Assistant Dean Carson Bruno on "Jerry Brown's Shocking 2017-2018 Budget Proposal" | Real Clear Markets
Jerry Brown's Shocking 2017-2018 Budget Proposal
Governor Jerry Brown last week proposed his 2017-2018 Budget – his second to last before he’s termed out of the governorship in 2018. The headline of this proposed budget was a projected $1.6 billion deficit. This news is shocking considering the Governor and the entire Sacramento establishment has been operating under the assumption of budget surpluses for the foreseeable future. Governor Brown, however, used the budget’s red ink to tout fiscal restraint.
There are two problems with this proposed budget, though. One, Brown hasn’t necessarily been too stingy with state finances and two, deficits like these are concerning when the economy is doing well.
Restraint is all relative: Jerry Brown has built a solid persona as the adult in the room in Sacramento when dealing with fiscal issues. California Republicans, with little to no sway over budget proceedings since Proposition 25 passed, have seen him as a reluctant ally on budget issues, while Sacramento Democrats attempt to push back as much as the veto pen allows. But Brown’s fiscal restraint posturing is more talk than action. His first enacted budget since re-election in 2010 totaled $128.3 billion (June 2016 dollars) in General and Special Fund expenditures. By 2016-2017, the budget had ballooned 30 percent to $167.1 billion. Overall, Brown has increased real General and Special Fund spending by an average of 5 percent per year. The only way you can say Brown champions fiscal restraint is if you are comparing him to the wishes and whims of Sacramento Democrats.
It’s the economy, stupid: The budget is as much a function of the economy as it is what legislators and the Governor wish to prioritize. In good times, the budget tends to naturally balance – that is, unless the Legislature and Governor decide to go on a spending spree. In bad times, deficits are the norm. Thus, during relatively good times, it’s very concerning to see a deficit. And California has been experiencing decent economic activity. Total employment since 2011 has increased 12 percent to 18 million; real GDP grew 15 percent between 2011 and 2015, and correspondingly, adjusted gross income (AGI) increased by 23 percent between 2011 and 2014.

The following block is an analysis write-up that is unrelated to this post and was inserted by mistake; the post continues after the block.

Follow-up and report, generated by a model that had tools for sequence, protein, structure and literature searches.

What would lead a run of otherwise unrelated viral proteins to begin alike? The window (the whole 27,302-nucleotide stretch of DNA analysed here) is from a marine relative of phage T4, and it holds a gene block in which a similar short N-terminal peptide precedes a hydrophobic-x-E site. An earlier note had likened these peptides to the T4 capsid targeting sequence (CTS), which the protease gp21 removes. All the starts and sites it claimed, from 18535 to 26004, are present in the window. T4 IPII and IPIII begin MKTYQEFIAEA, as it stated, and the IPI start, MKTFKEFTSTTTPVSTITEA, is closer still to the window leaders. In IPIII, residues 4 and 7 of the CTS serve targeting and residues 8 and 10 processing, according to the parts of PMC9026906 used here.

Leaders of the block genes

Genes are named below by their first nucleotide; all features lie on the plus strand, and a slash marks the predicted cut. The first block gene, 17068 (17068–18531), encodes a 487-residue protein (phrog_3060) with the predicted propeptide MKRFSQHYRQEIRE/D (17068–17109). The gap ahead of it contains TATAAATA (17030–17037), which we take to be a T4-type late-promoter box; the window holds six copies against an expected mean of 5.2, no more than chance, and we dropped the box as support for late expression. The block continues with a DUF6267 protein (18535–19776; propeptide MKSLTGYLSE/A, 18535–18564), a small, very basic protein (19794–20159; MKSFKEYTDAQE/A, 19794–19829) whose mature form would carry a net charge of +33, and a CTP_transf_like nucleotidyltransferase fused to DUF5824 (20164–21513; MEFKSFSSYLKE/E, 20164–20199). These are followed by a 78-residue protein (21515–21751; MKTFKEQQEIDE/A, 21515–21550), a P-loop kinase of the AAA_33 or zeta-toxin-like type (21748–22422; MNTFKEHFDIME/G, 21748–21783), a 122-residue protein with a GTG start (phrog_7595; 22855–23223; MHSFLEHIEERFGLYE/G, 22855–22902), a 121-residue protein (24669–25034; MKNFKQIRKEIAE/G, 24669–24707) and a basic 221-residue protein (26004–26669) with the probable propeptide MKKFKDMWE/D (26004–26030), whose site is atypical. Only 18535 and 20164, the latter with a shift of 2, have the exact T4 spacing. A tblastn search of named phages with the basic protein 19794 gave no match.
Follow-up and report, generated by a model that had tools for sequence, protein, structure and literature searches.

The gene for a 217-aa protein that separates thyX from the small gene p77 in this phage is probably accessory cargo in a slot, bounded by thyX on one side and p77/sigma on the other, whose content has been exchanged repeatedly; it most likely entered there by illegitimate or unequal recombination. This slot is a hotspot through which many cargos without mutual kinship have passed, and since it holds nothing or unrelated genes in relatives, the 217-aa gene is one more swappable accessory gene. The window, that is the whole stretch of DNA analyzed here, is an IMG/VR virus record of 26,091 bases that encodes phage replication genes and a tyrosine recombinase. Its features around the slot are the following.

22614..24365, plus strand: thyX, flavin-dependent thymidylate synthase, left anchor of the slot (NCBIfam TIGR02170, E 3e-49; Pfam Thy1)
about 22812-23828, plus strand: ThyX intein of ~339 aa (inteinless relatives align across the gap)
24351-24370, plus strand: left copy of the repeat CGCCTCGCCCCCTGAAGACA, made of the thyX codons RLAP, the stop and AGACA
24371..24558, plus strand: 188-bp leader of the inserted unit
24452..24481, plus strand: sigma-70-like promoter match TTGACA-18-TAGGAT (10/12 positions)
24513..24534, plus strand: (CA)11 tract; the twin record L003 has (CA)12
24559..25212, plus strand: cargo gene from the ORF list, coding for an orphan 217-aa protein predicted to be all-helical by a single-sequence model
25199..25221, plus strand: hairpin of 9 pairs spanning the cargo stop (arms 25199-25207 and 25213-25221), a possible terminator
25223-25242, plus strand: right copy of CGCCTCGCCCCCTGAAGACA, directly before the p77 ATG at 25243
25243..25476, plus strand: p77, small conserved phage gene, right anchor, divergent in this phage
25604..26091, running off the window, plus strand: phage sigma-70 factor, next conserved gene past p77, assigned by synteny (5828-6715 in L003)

But wait, you’re probably thinking, haven’t I been critical of California’s “comeback.” Yes, I have and for good reason. California’s recovery has been inconsistent across the state and been on the back of a single industry (and the wealth it has created for a small group). The budget doesn’t care how the economy is doing well; it just reflects that the overall economy is doing well. But our lawmakers should care. Think about this; 52 percent of the 2011-2014 AGI growth came from taxpayers making $400,000 or more. A small slip from this group and California’s revenues plummet.
California’s political system is structurally designed to think short-term – mainly because of term limits – and leave long-term issues to others to address. This is an issue when the budget has long-term impacts, even if it’s just for a single fiscal year. Luckily for us, though, even single-year budgets provide important warning signs, but it’s up to our elected officials to recognize them and take appropriate action. If not, they will find themselves in a very difficult situation and Californians – very likely the most vulnerable – will be the ones affected. And with Democrats controlling all levers of California’s state finances, they’ll have no one to blame but themselves.